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Montjuïc Castle dominates the entire city of Barcelona

Montjuïc Castle (Castell de Montjuïc in the Catalan language) sits astride the top of the mountain that gives it its name. This is an essential visit on any trip to Barcelona, and is the site of some of the most important events in the city’s recent history. Firstly, there is the Olympic Stadium and the Palau Sant Jordi, two of the most illustrious settings of the 1992 Olympic Games. This is also, however, the location of the Palau Nacional de Montjuïc, home to the Museu Nacional d’Art de Catalunya [National Museum of Art of Catalonia] and its impressive art collection.

The castle itself owes its present appearance to the modifications carried out by the military engineer Juan Martín Cermeño during the second half of the eighteenth century.

The origins of Montjuïc Castle

The origins of Montjuïc Castle date back many centuries before Juan Martín Cermeño’s alterations. In fact, it is known that an Iberian settlement once existed here, established between the seventh and sixth centuries B.C.

The site was also settled by the Romans, the Visigoths and the Muslims until, in the eleventh century, a beacon or watchtower was built on the highest point of the mountain. This was the true forerunner of the present castle. Construction of the castle began in the seventeenth century, during what is known as the Guerra dels Segadors [Reapers’ War] or Corpus de Sang (1640). The structure was severely damaged during the Battle of Montjuïc (1641), and was rebuilt by the Consell de Cent [Council of One Hundred, Barcelona’s historic city council] and the city’s War Council.

Following the conquest of this stronghold and of the city itself by the army of Philip IV in 1652, work to improve the castle was undertaken towards the end of the seventeenth century by the engineer Lorenzo Tossi. This involved the construction of a citadel, three defensive ramparts and a rectilinear frontage overlooking the sea (the sea-facing wall).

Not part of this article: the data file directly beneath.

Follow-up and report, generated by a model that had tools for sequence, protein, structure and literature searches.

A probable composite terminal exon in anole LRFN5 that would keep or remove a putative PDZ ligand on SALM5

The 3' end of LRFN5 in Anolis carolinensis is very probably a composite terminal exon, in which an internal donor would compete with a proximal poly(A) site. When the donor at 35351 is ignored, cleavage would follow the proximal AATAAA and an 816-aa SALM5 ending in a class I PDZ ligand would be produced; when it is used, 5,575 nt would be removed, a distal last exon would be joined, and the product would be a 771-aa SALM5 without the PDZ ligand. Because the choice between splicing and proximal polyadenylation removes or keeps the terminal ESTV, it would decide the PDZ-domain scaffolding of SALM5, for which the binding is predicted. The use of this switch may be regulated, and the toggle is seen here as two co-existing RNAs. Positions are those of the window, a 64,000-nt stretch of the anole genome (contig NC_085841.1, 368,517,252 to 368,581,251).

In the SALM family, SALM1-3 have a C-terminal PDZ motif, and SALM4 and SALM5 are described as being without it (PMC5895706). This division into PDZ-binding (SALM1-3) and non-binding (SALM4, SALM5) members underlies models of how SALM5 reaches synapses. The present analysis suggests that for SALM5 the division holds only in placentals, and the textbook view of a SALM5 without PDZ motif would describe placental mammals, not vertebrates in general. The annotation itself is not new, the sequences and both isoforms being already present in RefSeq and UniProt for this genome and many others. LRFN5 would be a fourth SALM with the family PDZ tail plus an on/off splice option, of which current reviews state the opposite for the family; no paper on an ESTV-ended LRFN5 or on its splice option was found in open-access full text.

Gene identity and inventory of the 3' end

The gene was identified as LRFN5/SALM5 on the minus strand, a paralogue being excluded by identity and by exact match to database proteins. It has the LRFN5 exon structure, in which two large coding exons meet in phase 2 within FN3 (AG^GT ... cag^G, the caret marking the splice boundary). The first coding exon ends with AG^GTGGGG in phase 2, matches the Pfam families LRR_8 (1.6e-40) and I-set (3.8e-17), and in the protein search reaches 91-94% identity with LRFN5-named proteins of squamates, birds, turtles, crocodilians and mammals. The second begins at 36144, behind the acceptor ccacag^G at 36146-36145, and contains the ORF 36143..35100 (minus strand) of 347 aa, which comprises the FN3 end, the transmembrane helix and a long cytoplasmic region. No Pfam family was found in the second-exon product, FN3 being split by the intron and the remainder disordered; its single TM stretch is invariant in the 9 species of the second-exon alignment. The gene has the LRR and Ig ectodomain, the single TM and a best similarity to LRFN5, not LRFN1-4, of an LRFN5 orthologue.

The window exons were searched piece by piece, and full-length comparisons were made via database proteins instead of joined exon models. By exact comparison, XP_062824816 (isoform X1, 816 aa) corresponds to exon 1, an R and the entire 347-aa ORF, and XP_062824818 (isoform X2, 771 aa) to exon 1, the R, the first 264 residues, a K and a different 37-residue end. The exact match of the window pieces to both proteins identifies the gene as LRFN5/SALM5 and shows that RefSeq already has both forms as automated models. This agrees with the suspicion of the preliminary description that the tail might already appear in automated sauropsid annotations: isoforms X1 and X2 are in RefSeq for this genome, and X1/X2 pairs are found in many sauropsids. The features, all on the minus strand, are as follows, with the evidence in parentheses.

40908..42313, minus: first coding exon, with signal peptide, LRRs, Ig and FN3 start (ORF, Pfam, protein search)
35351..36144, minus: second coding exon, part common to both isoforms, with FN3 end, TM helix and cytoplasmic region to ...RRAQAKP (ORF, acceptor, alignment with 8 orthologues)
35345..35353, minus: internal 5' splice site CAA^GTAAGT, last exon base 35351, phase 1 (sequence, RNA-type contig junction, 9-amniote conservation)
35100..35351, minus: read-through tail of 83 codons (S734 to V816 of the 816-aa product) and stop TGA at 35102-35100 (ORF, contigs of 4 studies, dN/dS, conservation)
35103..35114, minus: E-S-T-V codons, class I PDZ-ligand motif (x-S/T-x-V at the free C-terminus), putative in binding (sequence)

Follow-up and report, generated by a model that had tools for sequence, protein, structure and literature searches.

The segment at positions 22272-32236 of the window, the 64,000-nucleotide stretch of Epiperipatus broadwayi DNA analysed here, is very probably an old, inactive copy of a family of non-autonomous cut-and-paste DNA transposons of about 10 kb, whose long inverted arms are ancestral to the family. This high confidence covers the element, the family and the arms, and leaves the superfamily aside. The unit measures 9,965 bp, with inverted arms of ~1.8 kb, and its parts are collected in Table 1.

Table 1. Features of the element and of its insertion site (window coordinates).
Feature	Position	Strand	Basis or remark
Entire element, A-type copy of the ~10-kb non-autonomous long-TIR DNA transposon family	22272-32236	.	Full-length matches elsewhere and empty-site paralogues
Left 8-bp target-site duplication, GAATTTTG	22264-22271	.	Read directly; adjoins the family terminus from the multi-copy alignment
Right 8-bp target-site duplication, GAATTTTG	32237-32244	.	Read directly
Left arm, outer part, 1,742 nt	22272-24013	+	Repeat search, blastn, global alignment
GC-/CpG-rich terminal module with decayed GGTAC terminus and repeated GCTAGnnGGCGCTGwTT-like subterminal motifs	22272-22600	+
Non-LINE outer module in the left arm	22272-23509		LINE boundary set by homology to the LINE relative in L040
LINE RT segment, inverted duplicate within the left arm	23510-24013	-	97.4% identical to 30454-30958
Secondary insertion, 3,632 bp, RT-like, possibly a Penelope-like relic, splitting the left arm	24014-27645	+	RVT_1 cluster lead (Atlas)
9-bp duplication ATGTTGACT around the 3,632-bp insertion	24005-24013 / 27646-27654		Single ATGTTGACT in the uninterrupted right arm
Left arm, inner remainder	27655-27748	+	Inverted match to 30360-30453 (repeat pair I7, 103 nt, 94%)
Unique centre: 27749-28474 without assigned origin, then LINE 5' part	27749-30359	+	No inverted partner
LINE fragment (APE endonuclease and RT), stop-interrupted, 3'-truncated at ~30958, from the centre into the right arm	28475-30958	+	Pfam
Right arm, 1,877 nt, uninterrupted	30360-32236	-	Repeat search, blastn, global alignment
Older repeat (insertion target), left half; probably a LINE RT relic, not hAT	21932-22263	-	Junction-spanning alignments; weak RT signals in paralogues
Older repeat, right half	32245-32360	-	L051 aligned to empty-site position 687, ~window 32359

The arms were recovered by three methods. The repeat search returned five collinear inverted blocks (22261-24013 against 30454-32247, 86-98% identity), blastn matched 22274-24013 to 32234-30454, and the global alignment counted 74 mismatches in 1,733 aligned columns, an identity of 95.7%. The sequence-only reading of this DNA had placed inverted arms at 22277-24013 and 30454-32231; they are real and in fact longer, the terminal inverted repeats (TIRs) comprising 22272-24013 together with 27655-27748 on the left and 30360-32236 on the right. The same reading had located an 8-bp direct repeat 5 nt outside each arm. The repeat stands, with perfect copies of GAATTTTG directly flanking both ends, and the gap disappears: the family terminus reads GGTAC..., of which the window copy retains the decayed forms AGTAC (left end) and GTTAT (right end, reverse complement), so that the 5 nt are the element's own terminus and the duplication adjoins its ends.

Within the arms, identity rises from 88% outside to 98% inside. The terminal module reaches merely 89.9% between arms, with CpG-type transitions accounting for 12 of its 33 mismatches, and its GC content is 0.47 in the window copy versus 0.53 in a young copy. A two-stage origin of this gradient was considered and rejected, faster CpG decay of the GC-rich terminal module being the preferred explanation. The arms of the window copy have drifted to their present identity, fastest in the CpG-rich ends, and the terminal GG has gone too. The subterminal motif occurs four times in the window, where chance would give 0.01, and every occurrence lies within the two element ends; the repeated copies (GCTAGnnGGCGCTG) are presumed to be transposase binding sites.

During the War of Succession (1701-1714), however, the fortress was completely destroyed. Faced with this situation, the authorities decided to rebuild both the castle and the citadel and the work was entrusted to the engineer Cermeño.

Montjuïc Castle’s darkest hour

One of the most dreadful chapters in the history of Montjuïc Castle was its use as a military prison during the Franco period. Its walls witnessed the shooting of the president of the Generalitat de Catalunya [Government of Catalonia], Lluís Companys, on 13 August 1940.

In addition to the executions of several officers and civilians who had remained loyal to the Republic.

In the building’s Santa Elena moat, a commemorative monument was raised “to the Fallen”. At the time, the fortress had become a frequent setting for the so-called councils of war.

This arrangement persisted until 1960, when part of the castle was handed over to the city in exchange for the opening of a military museum and the raising of a commemorative statue of the dictator General Franco.

It was not until 2007 that full ownership of Montjuïc Castle returned to the city of Barcelona. Since then, modifications have been made to many of the rooms, and the military museum has been dismantled. Nowadays, the monument has been awarded the status of a National Asset of Cultural Interest by the Generalitat of Catalonia.

What is Montjuïc Castle like?

Montjuïc Castle as it appears today is largely the same as it was following its reconstruction in the eighteenth century. Today’s visitors can see: